“The automotive industry is all about zero defects,” explained Nicolaides. “We have to inspect every die and every wafer.” As such, automotive manufacturers are willing to pay more.
How Do We Lower Cost?
In the OSATs world cost is king. Improving yield and automating inspection processes are two ways to lower manufacturing cost, regardless of the device being built. Historically, inspection requires operator review of many images to find defects. Nicolaides explained that what the OSATs are looking for is a way to improve yield at a reduced cost by reducing the number of images needed, as well as the number of people required to review them.
“You can’t improve yields if the systems you’re using are blind to killer defects,” said Nicolaides. “Customers are coming to us saying they need better sensitivity and better capture rate. This is music to our ears because we already have solutions to enable the industry, even for 3D IC, to make it cost effective.”
Nicolaides further explained the advantages of automated defect inspection and binning that are the hallmarks of the CIRCL-AP and ICOS T830 systems. Sensitivity and capture rates help with yield overall, and when it’s automated, the results are more consistent and require fewer operators to perform the inspection. “Customers looking for automated tools are an indication that we’re headed to volume production,”
A comparison study between manual inspection and automated inspection proved that the automated tool not only found more defects of interest (DOI) than manual operators, it could also classify and bin them by defect type. In the study, one operator found 10 defects. A second operator found 30. The tool found 50. Additionally, there were few common defects between the two operators, but the tool found them all.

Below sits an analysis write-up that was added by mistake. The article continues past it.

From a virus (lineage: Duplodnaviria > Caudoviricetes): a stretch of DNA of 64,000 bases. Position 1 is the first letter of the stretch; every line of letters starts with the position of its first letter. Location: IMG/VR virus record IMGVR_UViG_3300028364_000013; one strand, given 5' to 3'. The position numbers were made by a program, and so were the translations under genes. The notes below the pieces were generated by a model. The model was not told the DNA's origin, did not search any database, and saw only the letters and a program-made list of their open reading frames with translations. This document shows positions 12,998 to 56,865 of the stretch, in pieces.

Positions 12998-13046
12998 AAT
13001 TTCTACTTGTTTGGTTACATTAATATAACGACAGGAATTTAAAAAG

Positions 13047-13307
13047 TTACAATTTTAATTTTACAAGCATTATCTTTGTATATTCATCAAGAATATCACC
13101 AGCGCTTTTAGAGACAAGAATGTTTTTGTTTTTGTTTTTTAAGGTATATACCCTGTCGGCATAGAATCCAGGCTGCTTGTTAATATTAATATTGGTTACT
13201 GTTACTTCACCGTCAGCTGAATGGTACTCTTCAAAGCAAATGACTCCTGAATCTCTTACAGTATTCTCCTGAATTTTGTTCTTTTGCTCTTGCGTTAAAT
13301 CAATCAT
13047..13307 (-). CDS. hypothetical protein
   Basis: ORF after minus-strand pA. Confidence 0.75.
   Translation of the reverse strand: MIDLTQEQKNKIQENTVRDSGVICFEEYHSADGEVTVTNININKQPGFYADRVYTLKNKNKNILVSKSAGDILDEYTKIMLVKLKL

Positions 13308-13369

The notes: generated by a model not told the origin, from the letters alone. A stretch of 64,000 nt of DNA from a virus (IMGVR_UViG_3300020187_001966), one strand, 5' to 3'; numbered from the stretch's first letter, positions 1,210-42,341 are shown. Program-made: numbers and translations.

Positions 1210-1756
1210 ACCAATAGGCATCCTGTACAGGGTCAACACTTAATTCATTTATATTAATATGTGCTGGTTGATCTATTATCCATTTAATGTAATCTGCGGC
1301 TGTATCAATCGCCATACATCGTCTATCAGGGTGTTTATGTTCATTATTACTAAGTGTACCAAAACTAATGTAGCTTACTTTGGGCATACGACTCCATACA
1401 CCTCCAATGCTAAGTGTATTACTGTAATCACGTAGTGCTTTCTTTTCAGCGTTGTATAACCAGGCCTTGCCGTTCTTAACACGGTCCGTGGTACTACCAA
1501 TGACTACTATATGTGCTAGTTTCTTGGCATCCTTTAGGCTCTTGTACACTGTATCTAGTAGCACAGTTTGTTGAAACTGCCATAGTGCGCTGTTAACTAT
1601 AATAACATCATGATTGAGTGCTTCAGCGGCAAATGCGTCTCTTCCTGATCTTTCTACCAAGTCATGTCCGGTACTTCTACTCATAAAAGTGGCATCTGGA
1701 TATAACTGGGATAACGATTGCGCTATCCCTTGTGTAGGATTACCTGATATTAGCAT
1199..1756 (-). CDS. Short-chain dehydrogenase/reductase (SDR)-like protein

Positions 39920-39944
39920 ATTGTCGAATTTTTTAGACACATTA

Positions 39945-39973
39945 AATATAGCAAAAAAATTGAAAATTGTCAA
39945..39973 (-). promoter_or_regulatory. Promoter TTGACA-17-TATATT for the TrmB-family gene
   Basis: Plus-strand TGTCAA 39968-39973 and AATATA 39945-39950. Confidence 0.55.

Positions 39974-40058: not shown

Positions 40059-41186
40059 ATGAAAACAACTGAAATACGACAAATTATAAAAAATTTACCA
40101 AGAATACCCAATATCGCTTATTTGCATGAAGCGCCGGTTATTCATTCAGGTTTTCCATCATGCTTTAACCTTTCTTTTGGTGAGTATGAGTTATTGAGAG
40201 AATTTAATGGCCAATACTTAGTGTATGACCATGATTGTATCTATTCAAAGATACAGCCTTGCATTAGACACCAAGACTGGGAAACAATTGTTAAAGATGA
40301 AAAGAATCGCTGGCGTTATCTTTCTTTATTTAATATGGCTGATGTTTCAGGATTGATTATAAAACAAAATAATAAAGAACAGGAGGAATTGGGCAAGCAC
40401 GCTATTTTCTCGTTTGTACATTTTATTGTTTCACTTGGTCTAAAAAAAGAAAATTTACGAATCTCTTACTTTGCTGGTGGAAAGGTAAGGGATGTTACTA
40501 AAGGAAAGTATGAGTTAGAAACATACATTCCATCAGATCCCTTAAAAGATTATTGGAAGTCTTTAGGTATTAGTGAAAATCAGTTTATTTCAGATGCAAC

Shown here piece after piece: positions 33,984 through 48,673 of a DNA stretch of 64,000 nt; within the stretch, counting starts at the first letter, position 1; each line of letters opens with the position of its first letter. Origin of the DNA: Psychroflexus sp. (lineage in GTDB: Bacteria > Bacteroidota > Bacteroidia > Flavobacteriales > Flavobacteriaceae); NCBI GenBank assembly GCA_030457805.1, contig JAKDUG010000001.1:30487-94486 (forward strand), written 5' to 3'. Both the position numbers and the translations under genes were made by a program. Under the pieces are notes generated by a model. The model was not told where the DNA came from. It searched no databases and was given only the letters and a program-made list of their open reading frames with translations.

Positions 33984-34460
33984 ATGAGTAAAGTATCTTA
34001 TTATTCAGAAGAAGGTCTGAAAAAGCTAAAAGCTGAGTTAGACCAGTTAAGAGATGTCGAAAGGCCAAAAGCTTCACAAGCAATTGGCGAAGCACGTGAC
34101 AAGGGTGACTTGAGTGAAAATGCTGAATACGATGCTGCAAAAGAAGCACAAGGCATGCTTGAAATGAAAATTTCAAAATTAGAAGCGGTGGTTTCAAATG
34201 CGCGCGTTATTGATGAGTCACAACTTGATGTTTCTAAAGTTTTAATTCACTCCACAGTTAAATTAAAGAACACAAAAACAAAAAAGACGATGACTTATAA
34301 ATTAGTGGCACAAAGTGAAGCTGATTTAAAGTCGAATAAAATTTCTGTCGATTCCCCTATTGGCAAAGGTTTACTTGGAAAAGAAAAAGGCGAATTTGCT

Not all are killer defects, said Nicolaides, some just require improved processes to eliminate them. Systems without a good capture rate can generate a lot of “noise;” capturing something that’s not real. 50% of these are not real, and require many operators to review them and decide which are real. Nicolaides explained that with the CIRCL-AP, the capture rate is high, eliminating the need for manual review. High throughput means fewer tools. All this translates to lower operating expenses.
“When we were entering the market, many players didn’t realize the differentiation between the defects,” noted Nicolaides. “The timing for us is phenomenal. We’re coming in at a time where the industry is looking to reduce cost, while additionally looking to next-generation requirements.”
Defining Volume Production for 3D IC
“Customers looking for automated tools are an indication that we’re headed to volume production,” noted Nicolaides. A memory company is setting up a pilot line for memory stacking. It may be small volumes, but it’s still HVM for them. “It’s enough to consider it HVM,” commented Nicolaides. “And it’s more than people would have expected. 3D is transitioning and we fully believe in the next few years we’ll see more because the functionality and performance that comes from 3D IC is incomparable.”
Nicolaides predicts that four years from now, we’ll see 3D ICs in more devices as costs continue to be improved. “The inflection point that’s happening today involves improving overall cost and yield in the backend,” noted Nicolaides. “KLA-Tencor can play a role in that—that’s what excites me.”
Even if it would be relegated to high performance computing and memory, the growth of 3D IC in these two areas of the industry is sufficient to make it worth the investment. ~ F.v.T.